Twenty-Five Years After Exxon Valdez, Kayakers Take to the Sea to Defend the Arctic

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It’s been more than 25 years since the Exxon Valdez oil spill, one of the worst human-caused environmental disasters in history that devastated nearly 1,300 miles of pristine coastline in one of the last remaining wild places on earth.

On March 24, 1989, the oil tanker struck Prince William Sound’s Bligh Reef in Alaska, spilling more than 11 million gallons of crude oil in an ecosystem that was once a rich, vital habitat for salmon, sea otters, seals and seabirds.

Twenty-five years later, that ecosystem remains polluted by toxic contaminants. Last week, Royal Dutch Shell PLC received permission to bore two new exploratory wells in the Arctic waters. The Obama administration gave Shell two permits for drilling in the Chukchi Sea with conditions: Shell cannot drill into oil-bearing areas until spill response equipment is secured. This news served as a crushing blow to environmental advocates, who were hoping for a different response from the president.

Across the nation, people have rallied and protested to share their concern for President Obama’s decision, one that US author and journalist Bill McKibben called “catastrophic climate change denial.” On July 18, 2015, concerned citizens and environmental groups gathered outside the AT&T Park at Pier 40 in San Francisco in solidarity with “kayaktivists” in the Pacific Northwest and Alaska, who have been expressing outrage against Shell and the lack of leadership exhibited by President Obama.

“This is going to be further exacerbate climate change. Science says you can’t be drilling for more fossil fuels, especially in the Arctic, if we want to stop runaway climate change,” said Mary Sweeters, Arctic Campaigner at Greenpeace. “We are joining folks across the country who are standing up to protest Shell plan’s to drill the Arctic. We are releasing a message for President Obama that he has the power to stop Shell from drilling in the Arctic.”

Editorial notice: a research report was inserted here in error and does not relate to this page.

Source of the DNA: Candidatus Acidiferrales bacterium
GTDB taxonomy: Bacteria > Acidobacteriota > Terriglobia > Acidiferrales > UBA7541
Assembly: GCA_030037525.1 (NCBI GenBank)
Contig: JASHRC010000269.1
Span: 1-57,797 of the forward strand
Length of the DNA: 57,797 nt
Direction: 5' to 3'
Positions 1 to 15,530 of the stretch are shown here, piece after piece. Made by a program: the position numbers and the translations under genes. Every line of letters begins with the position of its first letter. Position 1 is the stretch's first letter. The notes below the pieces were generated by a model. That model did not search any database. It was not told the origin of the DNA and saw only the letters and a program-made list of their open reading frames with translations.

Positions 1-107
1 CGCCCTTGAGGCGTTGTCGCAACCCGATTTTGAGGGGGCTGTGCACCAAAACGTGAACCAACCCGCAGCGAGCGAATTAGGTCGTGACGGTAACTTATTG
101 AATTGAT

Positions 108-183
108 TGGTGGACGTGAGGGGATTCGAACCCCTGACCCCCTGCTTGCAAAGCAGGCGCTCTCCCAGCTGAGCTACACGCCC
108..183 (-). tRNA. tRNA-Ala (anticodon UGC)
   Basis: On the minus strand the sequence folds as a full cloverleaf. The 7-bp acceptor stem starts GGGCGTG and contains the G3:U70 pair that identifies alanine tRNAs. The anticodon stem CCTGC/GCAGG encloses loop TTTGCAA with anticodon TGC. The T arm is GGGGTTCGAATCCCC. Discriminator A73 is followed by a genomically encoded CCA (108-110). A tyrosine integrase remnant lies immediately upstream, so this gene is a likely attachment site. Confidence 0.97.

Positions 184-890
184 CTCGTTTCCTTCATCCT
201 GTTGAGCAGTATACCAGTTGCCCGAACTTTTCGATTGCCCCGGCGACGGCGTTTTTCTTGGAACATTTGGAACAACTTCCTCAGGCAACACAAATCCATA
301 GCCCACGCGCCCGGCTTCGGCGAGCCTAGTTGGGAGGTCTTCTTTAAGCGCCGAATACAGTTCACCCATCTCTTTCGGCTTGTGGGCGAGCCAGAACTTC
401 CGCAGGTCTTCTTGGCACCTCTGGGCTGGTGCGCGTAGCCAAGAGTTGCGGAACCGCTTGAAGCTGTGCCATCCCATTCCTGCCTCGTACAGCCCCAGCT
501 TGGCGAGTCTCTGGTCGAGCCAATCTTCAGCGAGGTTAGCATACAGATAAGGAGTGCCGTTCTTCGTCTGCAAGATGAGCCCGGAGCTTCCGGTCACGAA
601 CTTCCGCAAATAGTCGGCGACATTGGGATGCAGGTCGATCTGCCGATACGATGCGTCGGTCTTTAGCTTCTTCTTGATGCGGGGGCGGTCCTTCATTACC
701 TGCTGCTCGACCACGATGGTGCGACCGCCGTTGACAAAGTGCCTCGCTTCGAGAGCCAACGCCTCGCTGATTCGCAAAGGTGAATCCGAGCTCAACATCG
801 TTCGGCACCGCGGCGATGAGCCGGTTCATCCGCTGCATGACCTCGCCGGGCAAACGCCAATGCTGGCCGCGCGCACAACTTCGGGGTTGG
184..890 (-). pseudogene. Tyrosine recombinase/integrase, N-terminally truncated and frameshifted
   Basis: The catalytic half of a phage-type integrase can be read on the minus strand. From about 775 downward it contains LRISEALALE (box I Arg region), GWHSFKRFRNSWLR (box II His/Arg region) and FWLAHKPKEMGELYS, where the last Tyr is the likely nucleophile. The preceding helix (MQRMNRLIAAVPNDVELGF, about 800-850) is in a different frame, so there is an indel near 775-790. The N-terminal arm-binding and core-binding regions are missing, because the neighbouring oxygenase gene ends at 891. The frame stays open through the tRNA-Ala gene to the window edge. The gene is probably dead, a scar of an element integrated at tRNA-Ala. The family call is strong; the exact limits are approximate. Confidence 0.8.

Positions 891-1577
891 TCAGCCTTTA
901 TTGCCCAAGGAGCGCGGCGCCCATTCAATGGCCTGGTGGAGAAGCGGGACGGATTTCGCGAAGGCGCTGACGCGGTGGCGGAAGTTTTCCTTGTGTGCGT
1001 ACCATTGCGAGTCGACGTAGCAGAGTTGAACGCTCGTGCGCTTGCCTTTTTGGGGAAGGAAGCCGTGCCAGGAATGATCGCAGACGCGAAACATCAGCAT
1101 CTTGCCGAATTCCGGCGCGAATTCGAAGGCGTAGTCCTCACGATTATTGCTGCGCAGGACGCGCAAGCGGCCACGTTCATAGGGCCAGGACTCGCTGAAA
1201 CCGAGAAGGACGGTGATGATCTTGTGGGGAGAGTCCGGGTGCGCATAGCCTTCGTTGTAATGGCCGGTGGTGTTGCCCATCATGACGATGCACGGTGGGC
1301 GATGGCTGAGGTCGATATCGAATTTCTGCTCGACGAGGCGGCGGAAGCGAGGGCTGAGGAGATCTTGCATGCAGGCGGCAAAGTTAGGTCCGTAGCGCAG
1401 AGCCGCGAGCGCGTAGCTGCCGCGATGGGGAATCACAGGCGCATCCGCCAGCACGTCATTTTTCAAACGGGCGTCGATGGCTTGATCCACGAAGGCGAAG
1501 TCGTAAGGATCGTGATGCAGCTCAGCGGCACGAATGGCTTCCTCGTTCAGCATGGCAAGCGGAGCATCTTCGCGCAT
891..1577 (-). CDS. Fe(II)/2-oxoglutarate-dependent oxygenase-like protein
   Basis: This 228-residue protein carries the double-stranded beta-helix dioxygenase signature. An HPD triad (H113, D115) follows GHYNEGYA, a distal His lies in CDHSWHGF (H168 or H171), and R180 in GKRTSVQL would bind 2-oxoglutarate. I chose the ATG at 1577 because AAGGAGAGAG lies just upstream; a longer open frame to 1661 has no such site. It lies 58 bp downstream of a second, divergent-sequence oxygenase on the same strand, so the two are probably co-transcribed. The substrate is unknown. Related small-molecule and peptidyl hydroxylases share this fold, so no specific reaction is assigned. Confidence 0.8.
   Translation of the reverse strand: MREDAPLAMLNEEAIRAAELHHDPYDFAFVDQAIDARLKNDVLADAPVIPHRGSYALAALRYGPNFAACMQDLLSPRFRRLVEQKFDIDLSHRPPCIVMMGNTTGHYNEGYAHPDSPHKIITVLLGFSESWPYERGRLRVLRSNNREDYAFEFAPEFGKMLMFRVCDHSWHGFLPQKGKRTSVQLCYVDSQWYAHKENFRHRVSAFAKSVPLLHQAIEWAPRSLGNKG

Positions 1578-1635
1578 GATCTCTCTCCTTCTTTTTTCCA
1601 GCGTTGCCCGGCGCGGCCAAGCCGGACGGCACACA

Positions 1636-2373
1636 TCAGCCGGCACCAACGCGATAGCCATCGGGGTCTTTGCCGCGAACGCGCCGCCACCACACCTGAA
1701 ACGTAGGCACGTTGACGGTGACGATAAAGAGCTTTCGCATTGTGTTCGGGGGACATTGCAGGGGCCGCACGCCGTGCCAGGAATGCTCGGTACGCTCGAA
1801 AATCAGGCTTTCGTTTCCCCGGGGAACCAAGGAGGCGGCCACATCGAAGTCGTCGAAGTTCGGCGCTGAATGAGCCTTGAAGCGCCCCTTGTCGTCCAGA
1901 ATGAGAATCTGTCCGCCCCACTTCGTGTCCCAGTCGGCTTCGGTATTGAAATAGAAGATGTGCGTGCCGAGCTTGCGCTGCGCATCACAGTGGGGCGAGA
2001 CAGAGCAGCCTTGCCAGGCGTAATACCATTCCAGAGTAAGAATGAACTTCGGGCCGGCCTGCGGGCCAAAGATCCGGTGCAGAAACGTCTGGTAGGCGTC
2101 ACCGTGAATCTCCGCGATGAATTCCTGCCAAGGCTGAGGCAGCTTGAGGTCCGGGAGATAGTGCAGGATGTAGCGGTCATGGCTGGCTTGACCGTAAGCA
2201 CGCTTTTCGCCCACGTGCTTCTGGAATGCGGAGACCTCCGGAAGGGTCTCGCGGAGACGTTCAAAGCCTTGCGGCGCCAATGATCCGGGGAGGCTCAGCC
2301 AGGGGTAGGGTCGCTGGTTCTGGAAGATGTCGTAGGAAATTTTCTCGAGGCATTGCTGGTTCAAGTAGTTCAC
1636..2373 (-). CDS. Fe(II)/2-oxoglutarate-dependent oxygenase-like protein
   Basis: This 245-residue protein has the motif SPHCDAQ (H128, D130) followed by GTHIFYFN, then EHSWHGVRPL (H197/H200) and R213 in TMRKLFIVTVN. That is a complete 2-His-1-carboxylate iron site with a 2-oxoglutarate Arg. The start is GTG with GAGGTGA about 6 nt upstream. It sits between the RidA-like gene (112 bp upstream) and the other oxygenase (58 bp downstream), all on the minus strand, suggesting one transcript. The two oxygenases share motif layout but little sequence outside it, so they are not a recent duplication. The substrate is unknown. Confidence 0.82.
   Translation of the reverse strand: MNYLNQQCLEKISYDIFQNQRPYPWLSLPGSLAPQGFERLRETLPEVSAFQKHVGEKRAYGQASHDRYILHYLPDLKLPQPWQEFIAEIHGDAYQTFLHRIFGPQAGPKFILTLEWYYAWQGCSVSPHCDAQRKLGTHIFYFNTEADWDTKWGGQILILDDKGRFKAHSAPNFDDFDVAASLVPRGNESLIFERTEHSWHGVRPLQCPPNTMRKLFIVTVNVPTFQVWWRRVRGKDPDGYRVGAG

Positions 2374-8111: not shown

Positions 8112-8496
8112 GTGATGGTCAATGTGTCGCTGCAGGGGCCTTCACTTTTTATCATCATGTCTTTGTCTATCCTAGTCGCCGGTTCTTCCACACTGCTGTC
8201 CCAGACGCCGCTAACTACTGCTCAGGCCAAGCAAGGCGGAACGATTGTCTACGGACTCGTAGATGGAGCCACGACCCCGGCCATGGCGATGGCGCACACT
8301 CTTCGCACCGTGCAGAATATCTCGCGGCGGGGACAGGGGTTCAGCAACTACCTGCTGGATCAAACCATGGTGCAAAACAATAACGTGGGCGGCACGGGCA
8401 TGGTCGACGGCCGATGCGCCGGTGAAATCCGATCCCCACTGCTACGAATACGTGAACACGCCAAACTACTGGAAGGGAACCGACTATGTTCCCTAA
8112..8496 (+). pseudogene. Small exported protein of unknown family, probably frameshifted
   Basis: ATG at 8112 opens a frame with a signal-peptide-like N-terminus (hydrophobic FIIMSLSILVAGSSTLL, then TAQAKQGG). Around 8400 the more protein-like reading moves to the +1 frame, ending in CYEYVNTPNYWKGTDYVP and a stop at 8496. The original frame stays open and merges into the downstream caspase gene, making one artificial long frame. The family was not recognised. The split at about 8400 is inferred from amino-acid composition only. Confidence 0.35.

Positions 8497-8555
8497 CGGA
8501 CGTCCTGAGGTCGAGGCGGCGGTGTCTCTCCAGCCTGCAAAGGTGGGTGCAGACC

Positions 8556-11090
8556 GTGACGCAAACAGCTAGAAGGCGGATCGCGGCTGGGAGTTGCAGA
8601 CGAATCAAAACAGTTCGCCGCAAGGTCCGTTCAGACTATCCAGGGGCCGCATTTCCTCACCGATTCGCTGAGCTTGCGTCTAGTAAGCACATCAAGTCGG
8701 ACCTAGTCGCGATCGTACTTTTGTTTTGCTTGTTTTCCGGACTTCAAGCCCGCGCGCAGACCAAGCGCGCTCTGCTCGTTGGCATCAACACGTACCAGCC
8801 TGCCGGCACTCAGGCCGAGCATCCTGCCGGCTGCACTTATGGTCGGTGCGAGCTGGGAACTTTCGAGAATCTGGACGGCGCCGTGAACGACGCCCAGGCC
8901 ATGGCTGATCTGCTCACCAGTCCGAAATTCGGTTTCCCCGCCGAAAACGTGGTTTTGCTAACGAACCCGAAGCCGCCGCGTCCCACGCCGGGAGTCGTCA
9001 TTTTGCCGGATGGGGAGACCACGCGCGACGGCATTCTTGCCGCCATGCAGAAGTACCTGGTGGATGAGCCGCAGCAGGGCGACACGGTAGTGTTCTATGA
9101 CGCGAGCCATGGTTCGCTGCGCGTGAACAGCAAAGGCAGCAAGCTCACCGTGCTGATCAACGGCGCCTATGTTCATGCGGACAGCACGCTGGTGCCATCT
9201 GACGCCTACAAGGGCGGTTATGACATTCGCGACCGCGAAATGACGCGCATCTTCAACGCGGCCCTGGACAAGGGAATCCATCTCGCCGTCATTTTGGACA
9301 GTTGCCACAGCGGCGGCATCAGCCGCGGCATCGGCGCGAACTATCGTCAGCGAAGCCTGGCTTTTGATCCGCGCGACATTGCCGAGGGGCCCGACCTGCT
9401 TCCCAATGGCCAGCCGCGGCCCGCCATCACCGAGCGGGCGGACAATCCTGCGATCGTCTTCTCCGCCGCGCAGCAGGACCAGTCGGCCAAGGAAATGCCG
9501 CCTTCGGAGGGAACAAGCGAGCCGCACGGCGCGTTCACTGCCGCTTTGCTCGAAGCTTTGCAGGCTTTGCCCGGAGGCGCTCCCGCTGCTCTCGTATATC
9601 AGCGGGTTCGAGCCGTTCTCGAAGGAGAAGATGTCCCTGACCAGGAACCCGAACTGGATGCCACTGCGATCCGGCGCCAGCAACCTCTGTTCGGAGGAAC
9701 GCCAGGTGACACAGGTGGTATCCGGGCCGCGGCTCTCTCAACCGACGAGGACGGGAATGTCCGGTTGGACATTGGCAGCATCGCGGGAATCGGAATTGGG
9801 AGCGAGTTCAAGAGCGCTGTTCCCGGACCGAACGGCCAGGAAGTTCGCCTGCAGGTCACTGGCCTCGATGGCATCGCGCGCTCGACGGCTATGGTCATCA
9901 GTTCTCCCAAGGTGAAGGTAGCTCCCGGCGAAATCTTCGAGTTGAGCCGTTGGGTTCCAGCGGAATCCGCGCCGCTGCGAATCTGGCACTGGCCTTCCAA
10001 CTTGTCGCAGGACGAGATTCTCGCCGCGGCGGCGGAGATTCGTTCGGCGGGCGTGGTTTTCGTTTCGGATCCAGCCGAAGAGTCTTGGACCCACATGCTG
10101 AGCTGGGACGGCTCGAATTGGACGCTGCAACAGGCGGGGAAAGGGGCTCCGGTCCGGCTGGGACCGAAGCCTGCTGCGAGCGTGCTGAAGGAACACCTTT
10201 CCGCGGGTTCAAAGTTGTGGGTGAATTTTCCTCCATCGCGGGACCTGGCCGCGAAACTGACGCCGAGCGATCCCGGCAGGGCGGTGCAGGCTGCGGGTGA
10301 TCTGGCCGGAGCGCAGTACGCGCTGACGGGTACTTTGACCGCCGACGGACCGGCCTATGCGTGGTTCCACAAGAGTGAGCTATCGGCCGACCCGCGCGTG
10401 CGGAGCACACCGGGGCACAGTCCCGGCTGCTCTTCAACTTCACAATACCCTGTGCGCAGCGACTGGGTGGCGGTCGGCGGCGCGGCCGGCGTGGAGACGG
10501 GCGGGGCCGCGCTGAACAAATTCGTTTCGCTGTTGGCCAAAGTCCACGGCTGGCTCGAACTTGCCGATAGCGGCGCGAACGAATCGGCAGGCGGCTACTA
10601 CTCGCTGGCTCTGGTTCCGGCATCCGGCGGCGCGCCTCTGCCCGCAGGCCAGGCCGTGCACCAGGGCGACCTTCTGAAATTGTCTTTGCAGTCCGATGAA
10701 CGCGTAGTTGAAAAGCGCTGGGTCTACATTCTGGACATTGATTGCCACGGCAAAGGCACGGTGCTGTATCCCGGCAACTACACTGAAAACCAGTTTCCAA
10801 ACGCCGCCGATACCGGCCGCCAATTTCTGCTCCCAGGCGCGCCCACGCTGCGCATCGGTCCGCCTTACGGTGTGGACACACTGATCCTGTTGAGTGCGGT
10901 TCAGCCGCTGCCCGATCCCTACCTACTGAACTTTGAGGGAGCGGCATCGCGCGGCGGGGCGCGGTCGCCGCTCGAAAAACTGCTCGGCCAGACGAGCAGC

“We have seen that deep sea drilling with the Deepwater Horizon rig has immense risks even in more hospitable areas. Now this is taking extreme drilling to a whole new level. There is immense risk involved in drilling in an icy, risky terrain and open ocean,” said Joy Firman, a member of the ocean team at the Natural Resources Defense Council. According to a report released by the Bureau of Ocean Energy Management, there would be “a 75% chance of one or more large spills” occurring in the area over the next 77 years.

“The oil needs to stay in the ground, exactly where it is. If we drill this and burn the oil, we will seal the deal on climate change,” said Karen Topakian, board chair of Greenpeace Inc. After a quick training on kayaking in the San Francisco bay, nearly 30 kayaks set off along with a man in a polar bear suit holding a sign: “Polar bears and oil drilling don’t mix.”

“There is an incredible growing movement to stop this, people from Alaska to Florida, by people who are also directly affected by climate change. An oil spill will be a disaster for people who rely on a healthy ocean,” said Sweeters.